Schulte EM, Avena NM, Gearhardt AN: Which foods may be addictive? the roles of processing, fat content, and glycemic load. PLoS One 2015;10:e0117959.
Ziauddeen H, Fletcher PC: Is food addiction a valid and useful concept? Obes Rev 2013;14:19-28.
Pursey KM, Collins CE, Stanwell P, Burrows TL: Foods and dietary profiles associated with ‘food addiction' in young adults. Addict Behav Rep 2015;2:41-48.
Smith DG, Robbins TW: The neurobiological underpinnings of obesity and binge eating: a rationale for adopting the food addiction model. Biol Psychiatry 2013;73:804-810.
Davis C, Curtis C, Levitan RD, Carter JC, Kaplan AS, Kennedy JL: Evidence that ‘food addiction' is a valid phenotype of obesity. Appetite 2011;57:711-717.
Avena NM, Gearhardt AN, Gold MS, Wang G, Potenza MN: Tossing the baby out with the bathwater after a brief rinse? The potential downside of dismissing food addiction based on limited data. Nat Rev Neurosci 2012;13:514; author reply 514.
Meule A, Gearhardt AN: Food addiction in the light of DSM-5. Nutrients 2014;6:3653-3671.
Avena NM, Rada P, Hoebel BG: Evidence for sugar addiction: Behavioral and neurochemical effects of intermittent, excessive sugar intake. Neurosci Biobehav Rev 2008;32:20-39.
Johnson PM, Kenny PJ: Dopamine D2 receptors in addiction-like reward dysfunction and compulsive eating in obese rats. Nat Neurosci 2010;13:635-641.
Oswald KD, Murdaugh DL, King VL, Boggiano MM: Motivation for palatable food despite consequences in an animal model of binge eating. Int J Eat Disord 2011;44:203-211.
Avena NM, Murray S, Gold MS: Comparing the effects of food restriction and overeating on brain reward systems. Exp Gerontol 2013;48:1062-1067.
Avena N, Bocarsly M, Rada P, Kim A, Hoebel B: After daily bingeing on a sucrose solution, food deprivation induces anxiety and accumbens dopamine/acetylcholine imbalance. Physiol Behav 2008;94:309-315.
Hoebel BG, Avena NM, Bocarsly ME, Rada P: Natural addiction. J Addict Med 2009;3:33-41.
Gearhardt AN, Corbin WR, Brownell KD: Food addiction. J Addict Med 2009;3:1-7.
Meule A, Gearhardt AN: Five years of the Yale Food Addiction Scale: taking stock and moving forward. Curr Addict Rep 2014;1:193-205.
Gearhardt AN, Corbin WR, Brownell KD: Preliminary validation of the Yale Food Addiction Scale. Appetite 2009;52:430-436.
Gearhardt AN, Corbin WR, Brownell KD: Development of the Yale Food Addiction Scale Version 2.0. Psychol Addict Behav 2016;30:113-121.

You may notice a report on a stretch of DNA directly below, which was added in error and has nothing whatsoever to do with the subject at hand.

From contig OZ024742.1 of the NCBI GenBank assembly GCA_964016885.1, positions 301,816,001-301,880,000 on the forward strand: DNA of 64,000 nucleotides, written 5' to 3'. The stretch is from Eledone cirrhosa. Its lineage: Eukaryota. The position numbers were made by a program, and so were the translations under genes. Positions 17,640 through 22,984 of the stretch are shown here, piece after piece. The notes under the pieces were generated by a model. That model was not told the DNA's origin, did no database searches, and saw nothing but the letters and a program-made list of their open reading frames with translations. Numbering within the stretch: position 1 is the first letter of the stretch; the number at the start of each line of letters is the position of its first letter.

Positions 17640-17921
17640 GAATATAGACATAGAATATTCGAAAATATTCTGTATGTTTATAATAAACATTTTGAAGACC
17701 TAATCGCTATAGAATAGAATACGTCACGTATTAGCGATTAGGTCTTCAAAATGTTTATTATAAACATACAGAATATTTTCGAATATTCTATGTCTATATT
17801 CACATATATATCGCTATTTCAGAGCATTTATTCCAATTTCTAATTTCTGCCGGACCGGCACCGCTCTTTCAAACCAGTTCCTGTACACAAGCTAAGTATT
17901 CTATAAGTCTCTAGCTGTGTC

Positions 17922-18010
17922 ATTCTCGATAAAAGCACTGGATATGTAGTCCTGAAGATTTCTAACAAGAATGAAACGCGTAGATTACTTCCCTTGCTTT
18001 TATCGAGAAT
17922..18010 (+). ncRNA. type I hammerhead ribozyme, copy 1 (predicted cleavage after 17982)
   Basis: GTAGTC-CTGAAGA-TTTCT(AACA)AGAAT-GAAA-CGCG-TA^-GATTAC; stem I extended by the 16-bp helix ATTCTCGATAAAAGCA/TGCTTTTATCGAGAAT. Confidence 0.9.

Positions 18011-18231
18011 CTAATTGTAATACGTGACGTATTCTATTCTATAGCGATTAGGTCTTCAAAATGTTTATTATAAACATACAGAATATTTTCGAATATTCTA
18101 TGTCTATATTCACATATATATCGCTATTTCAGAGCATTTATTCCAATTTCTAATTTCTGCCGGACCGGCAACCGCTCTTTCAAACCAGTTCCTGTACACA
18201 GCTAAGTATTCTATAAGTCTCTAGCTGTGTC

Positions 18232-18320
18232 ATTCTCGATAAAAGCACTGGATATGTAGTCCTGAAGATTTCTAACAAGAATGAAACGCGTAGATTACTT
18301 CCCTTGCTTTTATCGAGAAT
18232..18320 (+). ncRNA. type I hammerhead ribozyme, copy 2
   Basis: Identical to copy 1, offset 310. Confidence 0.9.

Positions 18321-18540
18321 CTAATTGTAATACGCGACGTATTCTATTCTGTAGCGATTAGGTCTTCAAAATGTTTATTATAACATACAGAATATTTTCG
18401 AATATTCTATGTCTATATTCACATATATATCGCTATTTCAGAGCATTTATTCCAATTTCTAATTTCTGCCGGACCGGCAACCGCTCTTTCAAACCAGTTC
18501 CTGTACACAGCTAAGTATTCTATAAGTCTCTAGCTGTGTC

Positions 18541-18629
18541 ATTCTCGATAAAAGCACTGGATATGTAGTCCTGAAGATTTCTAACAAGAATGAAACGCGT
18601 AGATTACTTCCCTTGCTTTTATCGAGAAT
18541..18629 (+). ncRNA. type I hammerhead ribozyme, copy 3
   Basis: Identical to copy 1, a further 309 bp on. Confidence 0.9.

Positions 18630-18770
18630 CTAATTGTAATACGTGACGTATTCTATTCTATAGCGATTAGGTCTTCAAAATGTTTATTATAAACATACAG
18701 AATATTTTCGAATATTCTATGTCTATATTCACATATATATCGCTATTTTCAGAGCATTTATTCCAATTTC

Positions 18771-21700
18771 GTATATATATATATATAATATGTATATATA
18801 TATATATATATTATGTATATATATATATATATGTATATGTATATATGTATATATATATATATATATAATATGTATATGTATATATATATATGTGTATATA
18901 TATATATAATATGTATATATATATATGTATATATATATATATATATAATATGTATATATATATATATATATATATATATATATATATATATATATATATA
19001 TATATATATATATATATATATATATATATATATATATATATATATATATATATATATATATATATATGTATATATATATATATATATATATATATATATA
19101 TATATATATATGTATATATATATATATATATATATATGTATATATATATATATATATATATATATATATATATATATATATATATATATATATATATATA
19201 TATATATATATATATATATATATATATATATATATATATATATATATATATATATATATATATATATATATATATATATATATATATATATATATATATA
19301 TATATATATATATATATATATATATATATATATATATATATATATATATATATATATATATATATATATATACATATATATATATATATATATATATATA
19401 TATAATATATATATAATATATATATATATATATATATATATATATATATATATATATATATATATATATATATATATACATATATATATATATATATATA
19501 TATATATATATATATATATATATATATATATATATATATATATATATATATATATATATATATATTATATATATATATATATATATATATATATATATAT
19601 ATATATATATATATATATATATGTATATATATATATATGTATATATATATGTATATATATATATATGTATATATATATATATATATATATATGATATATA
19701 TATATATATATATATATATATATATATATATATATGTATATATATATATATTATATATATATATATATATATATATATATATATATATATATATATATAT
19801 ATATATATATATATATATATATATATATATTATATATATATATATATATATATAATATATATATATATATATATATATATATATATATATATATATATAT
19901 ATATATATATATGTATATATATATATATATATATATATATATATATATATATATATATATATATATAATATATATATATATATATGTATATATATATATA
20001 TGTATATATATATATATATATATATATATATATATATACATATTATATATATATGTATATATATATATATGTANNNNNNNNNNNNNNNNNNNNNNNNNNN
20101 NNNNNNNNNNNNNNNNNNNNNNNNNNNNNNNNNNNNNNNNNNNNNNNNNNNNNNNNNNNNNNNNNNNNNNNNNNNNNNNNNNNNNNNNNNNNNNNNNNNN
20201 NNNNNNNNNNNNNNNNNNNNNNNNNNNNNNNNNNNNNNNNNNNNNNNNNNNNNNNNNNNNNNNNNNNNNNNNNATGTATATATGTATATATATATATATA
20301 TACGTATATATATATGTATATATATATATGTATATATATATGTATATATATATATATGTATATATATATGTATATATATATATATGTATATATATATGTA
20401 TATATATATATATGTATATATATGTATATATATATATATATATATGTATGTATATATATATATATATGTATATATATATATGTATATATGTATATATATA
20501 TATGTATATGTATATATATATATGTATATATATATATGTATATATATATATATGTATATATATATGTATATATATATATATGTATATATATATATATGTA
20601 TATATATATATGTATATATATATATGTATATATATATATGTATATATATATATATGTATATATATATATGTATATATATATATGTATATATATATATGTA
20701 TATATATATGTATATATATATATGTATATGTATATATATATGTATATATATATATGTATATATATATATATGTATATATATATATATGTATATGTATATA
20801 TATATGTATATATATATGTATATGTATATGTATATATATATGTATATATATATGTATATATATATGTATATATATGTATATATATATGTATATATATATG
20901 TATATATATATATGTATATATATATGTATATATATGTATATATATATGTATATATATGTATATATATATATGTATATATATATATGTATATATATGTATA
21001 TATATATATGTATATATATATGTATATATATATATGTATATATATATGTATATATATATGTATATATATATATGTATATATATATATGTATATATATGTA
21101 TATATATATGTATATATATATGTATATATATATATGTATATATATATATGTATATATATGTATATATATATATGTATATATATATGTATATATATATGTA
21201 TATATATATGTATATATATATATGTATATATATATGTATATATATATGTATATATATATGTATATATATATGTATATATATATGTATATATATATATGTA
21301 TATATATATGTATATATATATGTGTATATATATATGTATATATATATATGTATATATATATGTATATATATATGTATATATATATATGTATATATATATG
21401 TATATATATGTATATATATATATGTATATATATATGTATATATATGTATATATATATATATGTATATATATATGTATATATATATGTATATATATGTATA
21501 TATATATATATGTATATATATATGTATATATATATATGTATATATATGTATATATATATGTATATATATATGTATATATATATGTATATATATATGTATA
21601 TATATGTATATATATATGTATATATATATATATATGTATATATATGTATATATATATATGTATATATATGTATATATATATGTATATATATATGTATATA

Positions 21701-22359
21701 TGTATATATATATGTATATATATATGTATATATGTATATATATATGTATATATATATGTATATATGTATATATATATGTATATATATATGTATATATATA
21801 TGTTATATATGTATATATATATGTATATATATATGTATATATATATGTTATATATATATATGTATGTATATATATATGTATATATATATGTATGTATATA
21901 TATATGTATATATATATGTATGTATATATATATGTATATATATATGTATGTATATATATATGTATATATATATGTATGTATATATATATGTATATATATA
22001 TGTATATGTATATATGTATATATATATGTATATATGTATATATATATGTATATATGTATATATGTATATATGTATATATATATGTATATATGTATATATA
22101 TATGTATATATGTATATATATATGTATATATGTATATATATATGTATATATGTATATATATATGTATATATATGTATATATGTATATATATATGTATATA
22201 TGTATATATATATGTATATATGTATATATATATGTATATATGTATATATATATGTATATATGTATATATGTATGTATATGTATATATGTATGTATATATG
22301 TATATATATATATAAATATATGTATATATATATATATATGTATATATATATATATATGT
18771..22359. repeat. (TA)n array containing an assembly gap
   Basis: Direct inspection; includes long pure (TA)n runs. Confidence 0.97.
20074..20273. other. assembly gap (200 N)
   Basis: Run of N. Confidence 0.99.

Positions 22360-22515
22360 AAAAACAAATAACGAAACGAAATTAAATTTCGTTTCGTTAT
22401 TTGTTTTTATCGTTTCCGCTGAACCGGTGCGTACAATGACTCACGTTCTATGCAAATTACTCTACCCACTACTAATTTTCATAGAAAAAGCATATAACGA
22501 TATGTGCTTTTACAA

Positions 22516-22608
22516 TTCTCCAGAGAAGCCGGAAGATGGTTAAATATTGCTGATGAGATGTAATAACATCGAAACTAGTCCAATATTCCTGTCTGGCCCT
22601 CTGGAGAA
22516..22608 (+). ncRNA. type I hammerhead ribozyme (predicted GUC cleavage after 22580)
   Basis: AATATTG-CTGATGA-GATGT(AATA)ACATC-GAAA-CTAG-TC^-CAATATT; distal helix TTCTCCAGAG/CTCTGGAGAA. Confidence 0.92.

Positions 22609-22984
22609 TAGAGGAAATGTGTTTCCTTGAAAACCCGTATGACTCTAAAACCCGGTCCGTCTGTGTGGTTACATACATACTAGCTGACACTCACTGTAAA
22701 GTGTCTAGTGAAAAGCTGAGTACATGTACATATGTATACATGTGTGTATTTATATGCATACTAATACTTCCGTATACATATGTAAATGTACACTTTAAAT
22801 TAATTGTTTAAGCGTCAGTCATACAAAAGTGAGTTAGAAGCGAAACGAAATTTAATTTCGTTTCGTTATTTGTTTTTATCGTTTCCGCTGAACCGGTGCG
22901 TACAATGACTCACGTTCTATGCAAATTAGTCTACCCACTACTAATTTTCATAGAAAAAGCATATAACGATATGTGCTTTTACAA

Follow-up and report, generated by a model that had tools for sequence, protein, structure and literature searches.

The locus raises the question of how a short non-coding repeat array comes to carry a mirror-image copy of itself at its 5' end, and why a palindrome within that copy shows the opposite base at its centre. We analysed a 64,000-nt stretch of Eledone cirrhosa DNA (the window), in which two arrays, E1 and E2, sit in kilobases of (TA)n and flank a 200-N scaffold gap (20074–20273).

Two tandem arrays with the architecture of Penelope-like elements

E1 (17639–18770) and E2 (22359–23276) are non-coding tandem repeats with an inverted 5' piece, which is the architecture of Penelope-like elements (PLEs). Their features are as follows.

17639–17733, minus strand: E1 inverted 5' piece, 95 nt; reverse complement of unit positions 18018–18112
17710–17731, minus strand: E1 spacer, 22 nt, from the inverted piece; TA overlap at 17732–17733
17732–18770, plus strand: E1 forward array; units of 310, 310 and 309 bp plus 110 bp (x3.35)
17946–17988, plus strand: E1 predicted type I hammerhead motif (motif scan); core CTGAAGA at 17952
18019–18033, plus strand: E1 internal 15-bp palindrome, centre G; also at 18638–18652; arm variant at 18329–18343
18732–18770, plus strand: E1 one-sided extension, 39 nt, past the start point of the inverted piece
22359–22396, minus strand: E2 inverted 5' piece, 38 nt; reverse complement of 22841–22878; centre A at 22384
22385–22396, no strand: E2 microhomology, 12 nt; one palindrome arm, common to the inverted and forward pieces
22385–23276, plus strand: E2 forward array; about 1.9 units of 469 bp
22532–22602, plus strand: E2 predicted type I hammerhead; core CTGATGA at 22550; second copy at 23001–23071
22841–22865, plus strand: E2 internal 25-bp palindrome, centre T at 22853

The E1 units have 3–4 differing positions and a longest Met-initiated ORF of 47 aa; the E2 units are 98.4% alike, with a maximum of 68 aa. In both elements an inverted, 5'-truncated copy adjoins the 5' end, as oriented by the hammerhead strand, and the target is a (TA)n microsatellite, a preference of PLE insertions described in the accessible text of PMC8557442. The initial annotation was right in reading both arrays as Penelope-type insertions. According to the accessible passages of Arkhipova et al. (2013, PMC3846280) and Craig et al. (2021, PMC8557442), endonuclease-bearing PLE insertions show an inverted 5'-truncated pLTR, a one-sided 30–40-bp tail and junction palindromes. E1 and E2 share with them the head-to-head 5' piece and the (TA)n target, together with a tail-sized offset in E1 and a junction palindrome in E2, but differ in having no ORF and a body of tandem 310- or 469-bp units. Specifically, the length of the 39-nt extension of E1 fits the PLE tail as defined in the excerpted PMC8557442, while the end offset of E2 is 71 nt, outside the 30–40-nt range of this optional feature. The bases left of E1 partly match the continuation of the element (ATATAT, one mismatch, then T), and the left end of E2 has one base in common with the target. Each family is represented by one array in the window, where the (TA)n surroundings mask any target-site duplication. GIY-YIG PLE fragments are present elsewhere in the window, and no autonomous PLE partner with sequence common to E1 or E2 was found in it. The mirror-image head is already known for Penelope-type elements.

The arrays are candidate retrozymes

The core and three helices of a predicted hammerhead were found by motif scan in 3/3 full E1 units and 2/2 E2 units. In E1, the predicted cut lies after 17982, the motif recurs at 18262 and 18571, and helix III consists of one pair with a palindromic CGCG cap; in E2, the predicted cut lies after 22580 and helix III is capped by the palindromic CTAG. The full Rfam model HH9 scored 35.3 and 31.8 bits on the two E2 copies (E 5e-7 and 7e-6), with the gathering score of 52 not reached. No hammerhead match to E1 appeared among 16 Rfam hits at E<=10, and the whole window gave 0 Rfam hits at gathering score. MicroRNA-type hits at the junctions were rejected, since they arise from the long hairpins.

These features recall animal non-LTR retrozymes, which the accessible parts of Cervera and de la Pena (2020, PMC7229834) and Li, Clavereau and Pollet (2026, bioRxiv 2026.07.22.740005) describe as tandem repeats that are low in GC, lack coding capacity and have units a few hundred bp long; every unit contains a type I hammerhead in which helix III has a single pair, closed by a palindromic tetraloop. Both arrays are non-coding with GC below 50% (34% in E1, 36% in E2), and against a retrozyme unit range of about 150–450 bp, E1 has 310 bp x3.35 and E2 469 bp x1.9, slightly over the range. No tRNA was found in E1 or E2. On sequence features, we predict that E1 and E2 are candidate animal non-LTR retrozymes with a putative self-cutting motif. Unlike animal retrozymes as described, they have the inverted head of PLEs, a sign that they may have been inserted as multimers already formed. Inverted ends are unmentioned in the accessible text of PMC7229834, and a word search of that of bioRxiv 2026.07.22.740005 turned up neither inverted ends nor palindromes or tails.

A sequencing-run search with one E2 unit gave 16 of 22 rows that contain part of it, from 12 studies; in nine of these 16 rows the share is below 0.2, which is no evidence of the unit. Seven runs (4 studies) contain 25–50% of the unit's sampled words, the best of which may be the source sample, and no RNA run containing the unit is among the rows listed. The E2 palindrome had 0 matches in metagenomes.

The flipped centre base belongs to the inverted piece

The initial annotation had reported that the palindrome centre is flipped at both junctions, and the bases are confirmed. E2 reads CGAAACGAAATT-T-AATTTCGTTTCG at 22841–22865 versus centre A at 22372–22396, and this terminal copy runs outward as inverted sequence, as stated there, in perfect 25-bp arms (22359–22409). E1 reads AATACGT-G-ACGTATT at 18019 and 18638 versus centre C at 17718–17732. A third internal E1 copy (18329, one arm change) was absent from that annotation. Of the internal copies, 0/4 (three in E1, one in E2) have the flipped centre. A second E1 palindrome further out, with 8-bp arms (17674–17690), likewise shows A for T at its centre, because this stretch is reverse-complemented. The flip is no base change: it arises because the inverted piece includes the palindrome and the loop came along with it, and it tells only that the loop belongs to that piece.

Pursey KM, Stanwell P, Gearhardt AN, Collins CE, Burrows TL: The prevalence of food addiction as assessed by the Yale Food Addiction Scale: a systematic review. Nutrients 2014;6:4552-4590.
Gearhardt AN, White MA, Masheb RM, Grilo CM: An examination of food addiction in a racially diverse sample of obese patients with binge eating disorder in primary care settings. Compr Psychiatry 2013;54:500-505.
Gearhardt AN, A. White M, N. Potenza M: Binge eating disorder and food addiction. Curr Drug Abuse Rev 2011;4:201-207.
Granero R, Hilker I, Agüera Z, Jiménez-Murcia S, Sauchelli S, Islam MA, Fagundo AB, Sánchez I, Riesco N, Dieguez C, Soriano J, Salcedo-Sánchez C, Casanueva FF, La Torre R de, Menchón JM, Gearhardt AN, Fernández-Aranda F: Food addiction in a Spanish sample of eating disorders: DSM-5 diagnostic subtype differentiation and validation data. Eur Eat Disord Rev 2014;22:389-396.
Murphy CM, Stojek MK, MacKillop J: Interrelationships among impulsive personality traits, food addiction, and body mass index. Appetite 2014;73:45-50.
Pivarunas B, Conner BT: Impulsivity and emotion dysregulation as predictors of food addiction. Eat Behav 2015;19:9-14.
Gearhardt AN: Neural correlates of food addiction. Arch Gen Psychiatry 2011;68:808.
Schulte EM, Grilo CM, Gearhardt AN: Shared and unique mechanisms underlying binge eating disorder and addictive disorders. Clin Psychol Rev 2016;44:125-139.
Burger KS, Stice E: Frequent ice cream consumption is associated with reduced striatal response to receipt of an ice cream-based milkshake. Am J Clin Nutr 2012;95:810-817.
Murphy CM, Stojek MK, MacKillop J: Interrelationships among impulsive personality traits, food addiction, and Body Mass Index. Appetite 2014;73:45-50.
Pivarunas B, Conner BT: Impulsivity and emotion dysregulation as predictors of food addiction. Eat Behav 2015;19:9-14.
Meule A, Muller A, Gearhardt AN, Blechert J: German version of the Yale Food Addiction Scale 2.0: prevalence and correlates of ‘food addiction' in students and obese individuals. Appetite 2016;DOI: 10.1016/j.appet.2016.10.003.
Schulte EM, Tuttle HM, Gearhardt AN: Belief in food addiction and obesity-related policy support. PLoS One 2016;11:e0147557.
World Health Organization (ed): Obesity - Preventing and Managing the Global Epidemic: Report on a WHO Consultation. Geneva, World Health Organization, 2000.
Association AP: DSM-5 (2013) // Diagnostic and Statistical Manual of Mental Disorders (DSM-5®), 5th ed. Washington, American Psychiatric Publishing, 2013.
Statistisches Bundesamt.: Bevölkerung - Zahl der Einwohner in Deutschland nach Altersgruppen am 31. Dezember 2014 (in Millionen)., Statista. (last accessed January 27, 2017).